Retro Edition

What’s your call?

1♣ 1 1 1♠ 1NT
2♣ 2 2 2♠ 2NT
3♣ 3 3 3♠ 3NT
4♣ 4 4 4♠ 4NT
5♣ 5 5 5♠ 5NT
6♣ 6 6 6♠ 6NT
7♣ 7 7 7♠ 7NT
Dbl Pass
Click to reveal awards

August Boehm, Larry Cohen, Mel Colchamiro, The Coopers, Allan Falk, The Gordons, Geoff Hampson, Dianne Isfeld & Martin Henneberger, The Joyces, Mike Lawrence, Jill Meyers, Barry Rigal, Steve Robinson, Kerri Sanborn, Don Stack, The Sutherlins, Karen Walker, Steve Weinstein, Bridge Baron

Opening salvo

Too little to open one, too much to open two? The experts are decidedly — though not unanimously — in favor of opening 1♠ with this hand.

“At favorable vulnerability, this hand is much too heavy for a weak two-bid,” declares Meckstroth.

“We are the wrong color for a preempt,” echo the Joyces.

“This hand must be opened and it is too good for a weak 2♠ bid,” states Stack. “The hand contains one and a half quick tricks for defense and a great suit to bid and rebid so that there will be no problems in the bidding except that we may get overboard. Partner would never expect a hand this good if we open a weak two-bid.”

Lawrence, too: “Much too good for 2♠. When you have all prime values such as this, you bid one, not two. If you had no ♣K and the Q x x and ♣J x, this would be a 2♠ bid. If your hand was rearranged a little,

♠Q 9 8 5 4 3  A J  J x x  ♣Q 10,

it would be a pass.”

The Sutherlins call it a matter of style. “Not vulnerable, we open 1♠.”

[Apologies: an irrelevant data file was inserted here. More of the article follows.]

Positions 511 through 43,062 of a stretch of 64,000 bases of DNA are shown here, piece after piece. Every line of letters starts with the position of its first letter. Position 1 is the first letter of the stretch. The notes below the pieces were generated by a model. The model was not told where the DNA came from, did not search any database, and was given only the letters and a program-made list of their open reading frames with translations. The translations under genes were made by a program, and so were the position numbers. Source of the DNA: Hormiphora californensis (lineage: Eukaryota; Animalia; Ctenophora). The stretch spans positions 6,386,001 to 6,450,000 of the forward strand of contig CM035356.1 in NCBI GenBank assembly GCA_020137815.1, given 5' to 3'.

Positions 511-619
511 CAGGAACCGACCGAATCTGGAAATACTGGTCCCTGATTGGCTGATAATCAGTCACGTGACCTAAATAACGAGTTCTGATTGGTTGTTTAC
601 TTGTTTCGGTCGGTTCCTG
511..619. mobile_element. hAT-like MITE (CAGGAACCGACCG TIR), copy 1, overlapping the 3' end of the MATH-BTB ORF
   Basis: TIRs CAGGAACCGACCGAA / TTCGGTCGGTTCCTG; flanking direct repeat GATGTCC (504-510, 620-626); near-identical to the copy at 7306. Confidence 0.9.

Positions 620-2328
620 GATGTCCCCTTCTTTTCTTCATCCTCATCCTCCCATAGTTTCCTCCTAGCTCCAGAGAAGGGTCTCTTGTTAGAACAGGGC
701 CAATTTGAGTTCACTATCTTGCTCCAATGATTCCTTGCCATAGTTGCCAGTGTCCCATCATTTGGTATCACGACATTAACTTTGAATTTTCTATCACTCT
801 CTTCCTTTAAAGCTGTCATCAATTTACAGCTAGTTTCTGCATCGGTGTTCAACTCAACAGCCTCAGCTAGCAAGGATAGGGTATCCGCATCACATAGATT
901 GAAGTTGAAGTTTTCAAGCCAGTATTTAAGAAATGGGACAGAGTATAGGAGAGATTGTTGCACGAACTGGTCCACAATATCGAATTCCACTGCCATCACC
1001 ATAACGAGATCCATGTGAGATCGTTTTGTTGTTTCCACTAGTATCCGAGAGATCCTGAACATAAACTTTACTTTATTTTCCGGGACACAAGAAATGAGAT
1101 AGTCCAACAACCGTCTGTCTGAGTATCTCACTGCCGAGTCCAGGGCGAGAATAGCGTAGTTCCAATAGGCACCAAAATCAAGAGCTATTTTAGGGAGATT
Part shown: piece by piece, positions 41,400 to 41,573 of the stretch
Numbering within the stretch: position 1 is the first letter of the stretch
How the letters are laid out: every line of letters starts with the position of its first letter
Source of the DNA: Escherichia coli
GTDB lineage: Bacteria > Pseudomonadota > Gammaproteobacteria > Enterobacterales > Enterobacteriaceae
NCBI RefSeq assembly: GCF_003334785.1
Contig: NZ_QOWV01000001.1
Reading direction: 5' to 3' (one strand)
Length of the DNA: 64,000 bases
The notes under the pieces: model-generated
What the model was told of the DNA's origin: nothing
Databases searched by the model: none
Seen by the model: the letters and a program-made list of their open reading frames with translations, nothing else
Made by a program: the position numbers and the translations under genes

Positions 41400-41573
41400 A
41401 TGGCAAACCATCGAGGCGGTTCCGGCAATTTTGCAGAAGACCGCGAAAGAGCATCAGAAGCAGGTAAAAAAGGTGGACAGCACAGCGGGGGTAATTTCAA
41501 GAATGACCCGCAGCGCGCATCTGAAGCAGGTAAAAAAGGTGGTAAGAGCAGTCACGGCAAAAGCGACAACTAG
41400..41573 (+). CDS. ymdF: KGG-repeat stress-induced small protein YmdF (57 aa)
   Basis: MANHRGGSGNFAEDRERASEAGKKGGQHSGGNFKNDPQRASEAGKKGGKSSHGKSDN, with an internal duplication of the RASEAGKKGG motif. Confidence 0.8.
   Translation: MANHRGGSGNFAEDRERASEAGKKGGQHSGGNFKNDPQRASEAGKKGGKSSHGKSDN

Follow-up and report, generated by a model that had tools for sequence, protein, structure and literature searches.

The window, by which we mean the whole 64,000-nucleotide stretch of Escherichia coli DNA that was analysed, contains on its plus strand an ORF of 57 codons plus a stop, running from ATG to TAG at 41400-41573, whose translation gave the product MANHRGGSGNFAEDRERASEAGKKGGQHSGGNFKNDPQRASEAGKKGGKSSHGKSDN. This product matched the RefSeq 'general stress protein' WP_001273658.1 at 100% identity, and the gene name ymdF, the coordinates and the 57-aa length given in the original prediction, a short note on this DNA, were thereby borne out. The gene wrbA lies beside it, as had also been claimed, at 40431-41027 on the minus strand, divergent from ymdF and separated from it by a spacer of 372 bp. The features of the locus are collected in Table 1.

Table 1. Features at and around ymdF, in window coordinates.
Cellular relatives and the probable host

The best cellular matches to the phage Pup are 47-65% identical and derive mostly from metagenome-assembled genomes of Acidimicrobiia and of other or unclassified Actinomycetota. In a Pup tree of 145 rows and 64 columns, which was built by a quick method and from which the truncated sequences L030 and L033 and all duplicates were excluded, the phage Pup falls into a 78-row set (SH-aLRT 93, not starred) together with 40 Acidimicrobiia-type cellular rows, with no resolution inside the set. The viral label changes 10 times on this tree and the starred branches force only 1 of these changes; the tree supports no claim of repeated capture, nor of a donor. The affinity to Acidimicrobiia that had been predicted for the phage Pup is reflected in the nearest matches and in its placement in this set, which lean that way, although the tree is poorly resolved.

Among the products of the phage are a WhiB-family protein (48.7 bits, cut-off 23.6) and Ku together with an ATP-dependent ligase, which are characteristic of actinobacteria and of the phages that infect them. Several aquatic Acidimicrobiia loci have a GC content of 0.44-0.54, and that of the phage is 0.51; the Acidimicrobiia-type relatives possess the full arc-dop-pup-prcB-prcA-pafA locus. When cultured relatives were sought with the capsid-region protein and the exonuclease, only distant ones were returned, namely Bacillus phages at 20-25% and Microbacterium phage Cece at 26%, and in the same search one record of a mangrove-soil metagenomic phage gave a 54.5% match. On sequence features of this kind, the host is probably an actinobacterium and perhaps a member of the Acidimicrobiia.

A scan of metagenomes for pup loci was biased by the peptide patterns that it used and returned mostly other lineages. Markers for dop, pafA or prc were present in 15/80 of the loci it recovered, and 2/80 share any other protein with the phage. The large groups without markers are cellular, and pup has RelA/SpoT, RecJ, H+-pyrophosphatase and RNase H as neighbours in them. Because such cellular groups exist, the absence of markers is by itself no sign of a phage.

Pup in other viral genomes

The Coopers describe the hand as “too good for a weak two in our style. We do not pass with a good six-card major — we open one or two, depending. This is 10 HCP, so above our weak-two range at favorable vulnerability. It is also a seven-loser hand, which is an opening one bid.”

Boehm says, “It’s not my style to preempt with two outside features. Thanks for the ♠10 9.”

“If the ♠10 were the deuce, I would open 2♠ and feel that I was at the very top of my range,” reasons Weinstein. “With the ♠10, the hand is just too good to preempt.”
The ♠9 dictates Rigal’s 1♠. “Vulnerable, this is a weak two. NV, that tempting ♠9 persuades me to treat the hand as a one-level opener. If I’m wrong, I’ll blame those intermediates.”

“These days, 1♠ is scarier to the vulnerable opponents than 2♠,” Falk suggests. “If I bid 2♠ and it went 3–Pass–Pass back to me, I’d feel I should do something, which is why 1♠ wins my vote.”

Colchamiro bids 1♠, calling the hand “the price we pay for modern, nonvulnerable-versus-vulnerable first-seat preempts.” He adds, “Pass is my second choice with 2♠ a non-choice. If I was vulnerable, the two outside cards would preclude me from opening 2♠.”

Cohen is a 2♠ opener. “My heaviest, weak two-bid ever, and in print yet!”

Hampson opens 2♠: “Sometimes one gets dealt a maximum.”

The Gordons, too: “Yes, we have two outside controls. But we have a good suit and a hand that doesn’t approach being a one-level opening.”

Meyers passes. “Too good for 2♠, not good enough for 1♠.”

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